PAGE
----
Turns out Malaysian food is a lot like Burmese food, insofar as there's an emphasis on rich curries and noodles with salads thrown in for luck. And it's bleeding gorgeous - so much so that it now ranks a close second after my beloved Nippon cuisine in the eating out stakes.

Kiasu is a Nyonya Malay place specialising in food from the Straits and surrounding areas. I've wanted to go for a good while, having heard great things about it. But when you consider it's in Bayswater, it's far too easy to pop into Royal China for dimsum instead.

Thankfully the lovely girls at Sauce invited me to an event at Kiasu to launch the Malaysian Dining Card - a free scheme (yes, free) which entitles you to special offers at a whole range of Malaysian restaurants.

I wasn't going to say no, was I?

Kueh Pai Tee - Pork, bamboo Shoot and Prawn Pastry Cups

Kiasu is a rather peculiar name - its website explains it thus:
"Kiasu is London's new restaurant on Queensway, with an owner afraid of being second best ... in the Chinese Hokkien dialect, the word Kiasu means, 'afraid to lose' ie 'afraid to be second best', this fear is alleviated by the spectacular food you'll find at Kiasu"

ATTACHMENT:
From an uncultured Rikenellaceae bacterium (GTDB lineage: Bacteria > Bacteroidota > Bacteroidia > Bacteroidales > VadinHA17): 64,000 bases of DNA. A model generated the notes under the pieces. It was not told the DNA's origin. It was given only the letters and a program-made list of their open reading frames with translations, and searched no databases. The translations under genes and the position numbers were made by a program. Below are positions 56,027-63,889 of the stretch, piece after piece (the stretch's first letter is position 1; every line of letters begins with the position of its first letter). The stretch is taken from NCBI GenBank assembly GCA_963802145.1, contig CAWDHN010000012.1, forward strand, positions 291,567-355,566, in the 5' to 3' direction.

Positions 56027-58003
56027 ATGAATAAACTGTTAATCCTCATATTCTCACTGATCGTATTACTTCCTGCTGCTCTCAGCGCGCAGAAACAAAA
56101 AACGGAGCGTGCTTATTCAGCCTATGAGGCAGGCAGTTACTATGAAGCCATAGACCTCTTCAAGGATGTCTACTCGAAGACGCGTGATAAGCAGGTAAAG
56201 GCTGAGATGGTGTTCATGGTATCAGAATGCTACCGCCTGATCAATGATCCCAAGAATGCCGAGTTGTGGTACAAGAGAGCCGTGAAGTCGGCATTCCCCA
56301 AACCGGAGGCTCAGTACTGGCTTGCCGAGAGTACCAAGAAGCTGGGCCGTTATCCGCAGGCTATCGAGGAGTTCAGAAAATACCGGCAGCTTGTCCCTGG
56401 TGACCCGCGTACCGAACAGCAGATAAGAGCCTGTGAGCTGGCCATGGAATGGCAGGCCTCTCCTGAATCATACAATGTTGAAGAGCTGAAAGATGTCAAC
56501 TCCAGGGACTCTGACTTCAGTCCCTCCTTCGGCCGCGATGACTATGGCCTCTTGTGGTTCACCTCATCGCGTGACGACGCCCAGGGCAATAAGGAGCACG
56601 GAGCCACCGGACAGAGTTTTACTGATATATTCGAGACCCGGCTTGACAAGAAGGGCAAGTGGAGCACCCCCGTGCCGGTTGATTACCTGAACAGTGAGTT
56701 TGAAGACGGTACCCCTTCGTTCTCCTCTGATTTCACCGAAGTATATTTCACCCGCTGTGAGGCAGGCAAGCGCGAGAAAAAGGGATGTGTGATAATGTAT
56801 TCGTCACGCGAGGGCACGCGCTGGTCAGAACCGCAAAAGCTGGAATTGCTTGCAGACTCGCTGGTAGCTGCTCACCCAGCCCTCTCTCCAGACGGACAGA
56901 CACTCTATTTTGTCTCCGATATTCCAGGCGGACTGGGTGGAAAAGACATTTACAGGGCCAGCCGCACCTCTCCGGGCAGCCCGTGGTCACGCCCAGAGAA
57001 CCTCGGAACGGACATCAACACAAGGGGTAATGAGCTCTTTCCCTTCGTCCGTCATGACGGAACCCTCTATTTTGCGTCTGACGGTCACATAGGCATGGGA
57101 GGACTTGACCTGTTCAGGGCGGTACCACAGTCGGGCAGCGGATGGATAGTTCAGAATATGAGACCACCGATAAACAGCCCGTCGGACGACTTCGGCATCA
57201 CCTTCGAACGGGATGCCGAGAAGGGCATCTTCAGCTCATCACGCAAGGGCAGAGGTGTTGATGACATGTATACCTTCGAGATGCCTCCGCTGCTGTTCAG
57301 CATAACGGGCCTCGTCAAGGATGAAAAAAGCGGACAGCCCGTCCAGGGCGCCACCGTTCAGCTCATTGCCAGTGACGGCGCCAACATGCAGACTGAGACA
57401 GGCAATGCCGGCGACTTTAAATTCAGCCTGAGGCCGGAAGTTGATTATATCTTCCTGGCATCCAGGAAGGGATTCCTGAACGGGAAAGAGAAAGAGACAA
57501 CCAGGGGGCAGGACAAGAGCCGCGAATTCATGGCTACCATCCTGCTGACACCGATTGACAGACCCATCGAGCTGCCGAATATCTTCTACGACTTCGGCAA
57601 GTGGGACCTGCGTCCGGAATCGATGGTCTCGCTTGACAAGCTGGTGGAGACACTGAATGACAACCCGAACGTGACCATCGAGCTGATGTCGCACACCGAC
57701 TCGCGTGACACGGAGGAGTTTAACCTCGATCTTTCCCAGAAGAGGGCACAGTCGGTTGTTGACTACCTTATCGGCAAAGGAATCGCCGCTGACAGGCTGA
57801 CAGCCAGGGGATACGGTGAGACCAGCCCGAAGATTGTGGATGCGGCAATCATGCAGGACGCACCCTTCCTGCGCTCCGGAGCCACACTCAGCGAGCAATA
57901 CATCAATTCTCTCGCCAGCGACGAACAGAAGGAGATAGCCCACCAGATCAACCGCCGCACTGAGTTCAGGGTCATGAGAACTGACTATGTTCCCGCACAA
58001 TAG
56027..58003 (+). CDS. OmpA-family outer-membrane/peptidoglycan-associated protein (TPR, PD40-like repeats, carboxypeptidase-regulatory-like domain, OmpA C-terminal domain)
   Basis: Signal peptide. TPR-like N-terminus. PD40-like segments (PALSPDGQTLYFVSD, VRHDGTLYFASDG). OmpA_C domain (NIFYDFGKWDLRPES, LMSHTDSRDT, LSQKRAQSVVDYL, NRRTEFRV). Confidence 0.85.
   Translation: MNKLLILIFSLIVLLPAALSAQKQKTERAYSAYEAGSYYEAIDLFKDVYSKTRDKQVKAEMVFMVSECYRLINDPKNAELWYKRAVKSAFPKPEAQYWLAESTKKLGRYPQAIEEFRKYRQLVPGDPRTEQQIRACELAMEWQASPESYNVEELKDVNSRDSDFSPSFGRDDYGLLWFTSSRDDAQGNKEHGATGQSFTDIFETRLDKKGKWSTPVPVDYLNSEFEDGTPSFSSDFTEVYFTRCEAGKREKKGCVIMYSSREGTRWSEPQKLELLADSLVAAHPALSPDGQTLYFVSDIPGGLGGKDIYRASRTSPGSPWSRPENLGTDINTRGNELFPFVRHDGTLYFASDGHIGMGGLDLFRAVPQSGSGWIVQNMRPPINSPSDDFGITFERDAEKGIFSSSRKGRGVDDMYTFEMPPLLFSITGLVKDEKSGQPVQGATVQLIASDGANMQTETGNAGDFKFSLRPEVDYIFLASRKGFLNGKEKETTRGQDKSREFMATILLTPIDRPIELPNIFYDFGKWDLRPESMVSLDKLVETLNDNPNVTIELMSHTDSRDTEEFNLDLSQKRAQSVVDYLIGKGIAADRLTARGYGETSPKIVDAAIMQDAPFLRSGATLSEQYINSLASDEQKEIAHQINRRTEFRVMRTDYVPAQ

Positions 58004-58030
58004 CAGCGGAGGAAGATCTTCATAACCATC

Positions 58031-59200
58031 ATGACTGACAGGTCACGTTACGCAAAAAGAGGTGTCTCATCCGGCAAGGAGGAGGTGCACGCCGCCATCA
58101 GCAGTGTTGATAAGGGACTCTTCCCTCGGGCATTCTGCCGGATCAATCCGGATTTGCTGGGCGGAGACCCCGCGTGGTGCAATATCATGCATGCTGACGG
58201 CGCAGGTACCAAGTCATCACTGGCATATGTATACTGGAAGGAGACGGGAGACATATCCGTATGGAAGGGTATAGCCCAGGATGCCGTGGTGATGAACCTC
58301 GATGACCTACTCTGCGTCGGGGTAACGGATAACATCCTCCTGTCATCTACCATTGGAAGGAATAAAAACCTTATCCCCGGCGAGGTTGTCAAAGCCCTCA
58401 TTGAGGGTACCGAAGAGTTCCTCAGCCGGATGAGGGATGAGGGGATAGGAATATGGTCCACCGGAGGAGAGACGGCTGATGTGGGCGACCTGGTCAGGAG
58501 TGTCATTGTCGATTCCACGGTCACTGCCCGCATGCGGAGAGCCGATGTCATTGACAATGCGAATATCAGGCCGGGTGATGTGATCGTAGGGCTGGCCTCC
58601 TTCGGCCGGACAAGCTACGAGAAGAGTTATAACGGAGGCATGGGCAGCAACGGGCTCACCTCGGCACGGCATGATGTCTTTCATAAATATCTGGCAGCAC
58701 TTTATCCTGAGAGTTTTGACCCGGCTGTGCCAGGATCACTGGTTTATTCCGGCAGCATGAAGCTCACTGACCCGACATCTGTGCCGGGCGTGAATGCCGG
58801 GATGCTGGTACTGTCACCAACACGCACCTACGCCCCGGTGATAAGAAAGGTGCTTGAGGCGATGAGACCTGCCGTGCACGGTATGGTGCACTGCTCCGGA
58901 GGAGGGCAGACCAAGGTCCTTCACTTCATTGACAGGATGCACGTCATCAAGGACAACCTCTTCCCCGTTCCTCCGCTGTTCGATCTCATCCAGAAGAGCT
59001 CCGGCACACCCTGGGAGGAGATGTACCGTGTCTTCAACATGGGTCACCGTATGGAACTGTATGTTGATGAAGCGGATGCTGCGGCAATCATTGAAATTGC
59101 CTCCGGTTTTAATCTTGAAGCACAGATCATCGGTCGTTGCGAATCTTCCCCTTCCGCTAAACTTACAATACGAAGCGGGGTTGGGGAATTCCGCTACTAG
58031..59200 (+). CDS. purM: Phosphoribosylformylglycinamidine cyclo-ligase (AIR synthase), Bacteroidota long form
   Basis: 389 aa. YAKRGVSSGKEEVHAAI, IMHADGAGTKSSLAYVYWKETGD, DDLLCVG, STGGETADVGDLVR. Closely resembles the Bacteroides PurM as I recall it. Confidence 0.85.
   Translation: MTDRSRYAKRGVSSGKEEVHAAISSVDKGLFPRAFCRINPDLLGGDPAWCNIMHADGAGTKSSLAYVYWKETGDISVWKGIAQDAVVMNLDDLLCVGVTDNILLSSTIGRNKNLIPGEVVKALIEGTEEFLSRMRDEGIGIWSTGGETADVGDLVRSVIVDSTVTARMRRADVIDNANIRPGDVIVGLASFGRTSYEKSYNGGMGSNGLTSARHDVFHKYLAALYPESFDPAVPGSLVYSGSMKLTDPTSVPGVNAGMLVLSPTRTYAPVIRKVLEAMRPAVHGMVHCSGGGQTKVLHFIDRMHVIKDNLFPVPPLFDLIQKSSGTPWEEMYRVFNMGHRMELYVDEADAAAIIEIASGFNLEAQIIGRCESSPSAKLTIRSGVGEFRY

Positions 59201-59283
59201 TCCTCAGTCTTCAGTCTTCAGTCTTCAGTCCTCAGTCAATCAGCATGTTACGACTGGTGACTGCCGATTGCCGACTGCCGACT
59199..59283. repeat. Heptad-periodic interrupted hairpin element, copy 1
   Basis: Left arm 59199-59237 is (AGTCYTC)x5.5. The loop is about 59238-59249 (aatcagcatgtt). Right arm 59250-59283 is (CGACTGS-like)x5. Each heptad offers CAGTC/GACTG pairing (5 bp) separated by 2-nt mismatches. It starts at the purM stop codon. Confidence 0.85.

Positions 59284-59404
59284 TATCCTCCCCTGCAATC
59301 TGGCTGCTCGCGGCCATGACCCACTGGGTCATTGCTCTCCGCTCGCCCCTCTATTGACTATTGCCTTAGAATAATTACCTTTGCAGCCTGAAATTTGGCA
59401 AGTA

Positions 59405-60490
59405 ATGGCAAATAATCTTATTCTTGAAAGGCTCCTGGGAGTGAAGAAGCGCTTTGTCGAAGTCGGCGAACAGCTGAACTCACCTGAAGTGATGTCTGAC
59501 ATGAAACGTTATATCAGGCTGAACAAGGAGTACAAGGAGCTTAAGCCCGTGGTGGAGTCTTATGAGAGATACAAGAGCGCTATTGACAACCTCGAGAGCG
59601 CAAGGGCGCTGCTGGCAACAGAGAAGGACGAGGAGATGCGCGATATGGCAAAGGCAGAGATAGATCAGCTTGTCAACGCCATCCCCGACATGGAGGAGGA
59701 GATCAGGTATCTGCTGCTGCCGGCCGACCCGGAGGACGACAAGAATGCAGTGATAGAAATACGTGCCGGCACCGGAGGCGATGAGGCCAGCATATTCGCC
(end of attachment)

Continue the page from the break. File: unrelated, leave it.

Said owner Elise is a lively, friendly lady, so full of joie de vivre it's hard to imagine her afraid of anything.

After a few drinks (freshly carrot juice for me) we started our feast with several small(ish) dishes. First up was Chye Tow Kway - steamed white radish and rice cake stir-fried with eggs, pickled radish and beansprouts. This was deliciously pungent and you could taste the hand-minced daikon. I was scooping it up long after everyone else had moved on.

Next was Kueh Pai Tee - crisp little pastry cups hand-made from three different types of flour, crammed to the brim with pork, bamboo shoot and prawn. These tiny "Top Hats" came with a special chilli sauce which you drizzled on top before cramming the whole thing in your mouth. Let's just say I ate far more of these than my fair share (look - you snooze, you lose).

Chicken Malay SatayNgoh Hiang - Pork and Prawn Beancurd Roll

After those two beautiful starters, the beef and chicken satay was a bit of a disappointment in comparison. The peanut sauce was good and gooey (and again home-made), but the meat was chewy and dry.

I appreciated the chunks of raw onion to crunch on the side though - and no Double Mint for anti-social little me. My husband understands.